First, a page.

This isn't the first time I've used my blog to say how great I think allotments are... Yesterday when I headed up to my plot in the afternoon I went into the greenhouse to discover that my neighbour, Brian, had left this beautiful bunch of gladioli for me in my watering can. Brian's a really nice man, but come to think of it so are most of the other plot holders at my allotments - they're always ready to give advice on growing, to swap seeds and seedlings and to share out their produce when they've got a glut that they can't keep up with. I'm a great believer that allotments are one of the few places in modern towns and cities where a real sense of community still prevails and this belief has, on the whole, been proved true in my years as a plot holder.
I live just around the corner from my allotment and having the plot means that I now know loads of like minded people in my local community who I would have never got to know without the allotment as a starting point. I also love the way that allotments are essentially public spaces and it's great to see how this kind of resource can really change the dynamic of a community. It's no surprise then to see that allotment waiting lists all over the country are now so long with people wanting to get their hands on plots that many groups are now lobbying local councils to set up more sites because current provision goes nowhere near meeting current demand. The Channel 4 Landshare website has been a perfect illustration of how great the desire is for people to get out into the fresh air and get growing. But the site also illustrates that there is a much greater demand for land to grow on than can currently be met.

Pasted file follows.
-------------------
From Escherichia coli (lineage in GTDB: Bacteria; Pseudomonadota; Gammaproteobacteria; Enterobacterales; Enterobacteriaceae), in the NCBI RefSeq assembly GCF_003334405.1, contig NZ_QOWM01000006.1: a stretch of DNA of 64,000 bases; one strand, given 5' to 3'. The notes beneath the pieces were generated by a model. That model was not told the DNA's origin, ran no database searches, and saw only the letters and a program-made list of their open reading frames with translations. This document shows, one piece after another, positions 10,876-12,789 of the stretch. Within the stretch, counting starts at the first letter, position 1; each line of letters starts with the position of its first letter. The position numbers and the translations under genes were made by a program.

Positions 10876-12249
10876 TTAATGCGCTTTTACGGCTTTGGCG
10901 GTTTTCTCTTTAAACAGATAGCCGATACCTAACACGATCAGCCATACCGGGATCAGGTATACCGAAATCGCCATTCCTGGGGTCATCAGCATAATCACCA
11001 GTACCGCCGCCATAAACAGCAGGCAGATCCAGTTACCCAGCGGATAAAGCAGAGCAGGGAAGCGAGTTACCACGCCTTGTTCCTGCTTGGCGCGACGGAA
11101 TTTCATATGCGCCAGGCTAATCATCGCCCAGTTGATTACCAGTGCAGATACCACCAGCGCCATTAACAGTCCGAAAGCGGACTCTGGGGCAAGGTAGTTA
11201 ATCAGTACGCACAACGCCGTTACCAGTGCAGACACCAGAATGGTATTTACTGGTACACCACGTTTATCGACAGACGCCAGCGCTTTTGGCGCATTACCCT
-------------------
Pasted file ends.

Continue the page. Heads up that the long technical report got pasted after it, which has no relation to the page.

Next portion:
So you've tried all avenues and still can't get your hands on a little plot of your own? Why not try getting together a group of like minded people and lobby your local council? If you can prove that there is local demand that isn't being met by current provision councils have a legal obligation to try and meet your needs, or at least come up with a very good excuse why they can't... There's no guarantee this route will lead to success but it's worth a try (my friend in Warwickshire got allotments set up in her community this way) and even if you aren't successful it's really important that people keep reminding the local powers that be that "We want more spaces to grow on and we want them now!"